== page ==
All Things Considered
All Things Considered
Thursday, June 21, 2012

Minnesota Public Radio Stories

  • Moose LakeState asks FEMA to visit flood zone
    Gov. Mark Dayton toured flood-damaged areas in Duluth today with local and state officials, a day after heavy rains caused widespread flooding.4:48 p.m.
  • Art HoundsArt Hounds
    Each week Minnesota Public Radio News asks three people from the Minnesota arts scene to be "Art Hounds." Their job is to step outside their own work and hunt down something exciting that's going on in local arts.4:52 p.m.
  • River Inn Bar and GrillTourism-dependent region worries about flood impact
    With parts of northeastern Minnesota devastated by flooding following heavy rains on Wednesday, some are worried about how flood damage will affect the region's $800 million tourism industry.5:17 p.m.
  • Best BuyBest Buy workers weigh company's ruin or revival
    Best Buy's CEO and its founder recently left the company after a scandal. And the retailer has faced lots of criticism that it hasn't done enough to respond to fierce competition from online and bricks and mortar rivals. Some Best Buy employees who spoke to MPR News are still confident in the company's future, while others are planning their exit strategy.5:22 p.m.
  • Republican State Convention 2012Ron Paul delegates try to cut expenses at Republican National Convention
    Most Minnesota Republicans heading to this year's national convention are first-time delegates, and they're finding out that the trip will cost them thousands of dollars. Some are looking for unconventional ways to cut their convention expenses.5:52 p.m.

National Public Radio Stories

  • Romney To Latino Voters: 'You Have An Alternative'
    Republican presidential candidate Mitt Romney addressed Latino elected officials in Orlando on Thursday. After a primary season in which he talked of "self-deportation" among immigrants and vowed to veto the Dream Act, Romney was greeted skeptically. He said his immigration policy would include a path to citizenship for illegal immigrants who serve in the U.S. military and green cards for those who earn advanced degrees in the U.S.
  • California Budget Deal Calls For Deep Cuts
    California Governor Jerry Brown has reached the outline of a budget deal with state Democratic leaders. The two sides have been wrangling over deep cuts to social programs. The agreement is just the latest development in the story of California's budget crisis — with negotiations over pension cuts still looming and a November ballot initiative that will ask Californians to raise their own taxes to prevent steeper cuts to the state' schools. Melissa Block talks with Ben Adler of Capital Public Radio in Sacramento.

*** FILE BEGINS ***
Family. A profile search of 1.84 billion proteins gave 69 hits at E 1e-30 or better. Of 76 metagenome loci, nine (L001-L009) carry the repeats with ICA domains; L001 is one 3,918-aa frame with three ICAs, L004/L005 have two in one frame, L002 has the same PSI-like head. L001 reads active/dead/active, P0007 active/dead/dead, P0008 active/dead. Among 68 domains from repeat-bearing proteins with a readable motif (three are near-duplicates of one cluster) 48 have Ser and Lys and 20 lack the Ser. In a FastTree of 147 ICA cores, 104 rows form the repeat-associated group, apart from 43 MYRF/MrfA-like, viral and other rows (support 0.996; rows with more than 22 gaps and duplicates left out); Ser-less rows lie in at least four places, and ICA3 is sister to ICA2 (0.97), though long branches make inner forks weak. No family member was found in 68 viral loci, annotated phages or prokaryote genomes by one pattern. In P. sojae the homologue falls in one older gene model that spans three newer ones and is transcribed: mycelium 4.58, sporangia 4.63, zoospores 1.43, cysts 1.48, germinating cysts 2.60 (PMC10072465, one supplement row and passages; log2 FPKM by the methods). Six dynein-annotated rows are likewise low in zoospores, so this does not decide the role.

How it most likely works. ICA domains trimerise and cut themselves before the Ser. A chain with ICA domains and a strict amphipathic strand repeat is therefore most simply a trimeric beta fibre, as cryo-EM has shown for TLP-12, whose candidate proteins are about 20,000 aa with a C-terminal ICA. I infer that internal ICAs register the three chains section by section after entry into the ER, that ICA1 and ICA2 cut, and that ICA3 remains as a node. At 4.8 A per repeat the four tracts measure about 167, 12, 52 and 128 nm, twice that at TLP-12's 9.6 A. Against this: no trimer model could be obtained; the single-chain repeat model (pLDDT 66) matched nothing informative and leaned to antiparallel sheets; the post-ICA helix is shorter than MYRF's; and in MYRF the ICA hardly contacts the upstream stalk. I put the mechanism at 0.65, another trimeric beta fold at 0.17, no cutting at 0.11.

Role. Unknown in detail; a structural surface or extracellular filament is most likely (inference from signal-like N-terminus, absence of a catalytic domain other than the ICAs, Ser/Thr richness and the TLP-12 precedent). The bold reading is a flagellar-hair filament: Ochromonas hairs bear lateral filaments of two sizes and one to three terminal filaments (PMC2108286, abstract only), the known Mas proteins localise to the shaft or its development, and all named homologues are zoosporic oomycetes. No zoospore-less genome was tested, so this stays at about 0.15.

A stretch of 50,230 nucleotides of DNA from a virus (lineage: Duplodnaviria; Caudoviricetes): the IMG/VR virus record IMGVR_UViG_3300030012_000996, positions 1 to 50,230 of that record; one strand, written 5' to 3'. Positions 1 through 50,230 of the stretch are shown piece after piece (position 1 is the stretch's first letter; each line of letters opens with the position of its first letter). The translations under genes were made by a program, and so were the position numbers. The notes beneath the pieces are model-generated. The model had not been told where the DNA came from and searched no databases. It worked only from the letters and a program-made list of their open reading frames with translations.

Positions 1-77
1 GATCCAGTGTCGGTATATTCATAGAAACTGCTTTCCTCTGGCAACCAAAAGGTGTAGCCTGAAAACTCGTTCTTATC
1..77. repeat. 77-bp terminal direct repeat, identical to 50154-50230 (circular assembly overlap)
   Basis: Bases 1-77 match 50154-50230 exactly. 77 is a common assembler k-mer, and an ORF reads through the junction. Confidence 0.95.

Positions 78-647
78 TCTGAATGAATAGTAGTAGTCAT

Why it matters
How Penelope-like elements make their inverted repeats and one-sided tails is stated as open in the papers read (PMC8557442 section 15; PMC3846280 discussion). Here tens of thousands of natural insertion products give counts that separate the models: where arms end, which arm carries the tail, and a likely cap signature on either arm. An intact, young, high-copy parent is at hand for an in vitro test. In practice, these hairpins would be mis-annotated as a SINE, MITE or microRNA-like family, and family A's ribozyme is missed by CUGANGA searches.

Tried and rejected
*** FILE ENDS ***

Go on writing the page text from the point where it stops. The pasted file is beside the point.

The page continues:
• Al-Qaida Takes To The Hills Of Yemen's Badlands
    Yemeni troops, backed by the U.S., say they have retaken the final stronghold of al-Qaida-linked militants in the country's south. But as a visit to the area reveals, the militants' retreat may be a tactical decision, rather than a defeat.
  • A Fight To The Finish For Tennessee Mosque
    The first minarets in Murfreesboro, Tenn., are about to be placed atop a new mosque. But when construction is done, no one will be able to move in — the latest development in a two-year legal fight over whether adequate notice was given for a public meeting that approved the mosque's construction.
  • 'To Rome With Love': Eternal City, Scrambled Time
    Woody Allen's latest comedy features four unrelated stories taking place — in theory at the same time. But as NPR's Bob Mondello points out, that's logically impossible.
  • Journal Publishes Details On Contagious Bird Flu Created In Lab
    The research paper, which has been under scrutiny for months, publishes the recipe for a potential pandemic: It shows how just a handful of genetic mutations in the bird flu virus H5N1 allow it to spread between ferrets — the lab stand-in for people — through coughs and sneezes.
  • Kids Get Hands-On With Science In A 'Dream Garage'
    As California's public schools have cut back on science programs, Dan Sudran has created the Community Science Workshop Network to help fill the gap. The free workshops let low-income kids play with microscopes and build hot air balloons.
  • Are Public Universities Still Public?
    The recent firing of the president of the University of Virginia brought that public university into the national spotlight. But on Thursday, the Commonwealth of Virginia contributes only seven percent of the university's budget. Many other public universities receive similarly small percentages of their funding from state budgets, which raises the question — how public are our public universities? Robert Siegel talks to Eric Kelderman, reporter for The Chronicle of Higher Education.
  • He'll Retune Your Living Room
    Psychoacoustic engineers like Chris Kyriakakis work to perfect the way music sounds in imperfect environments as diverse as symphony halls, your living room and your ears.
  • Santigold: 'Blown Away' By Fela Kuti
    Singer Santi White says her father steered her artistic development by introducing her to the music of Nigerian Afrobeat pioneer Fela Kuti at a young age.

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June 2012
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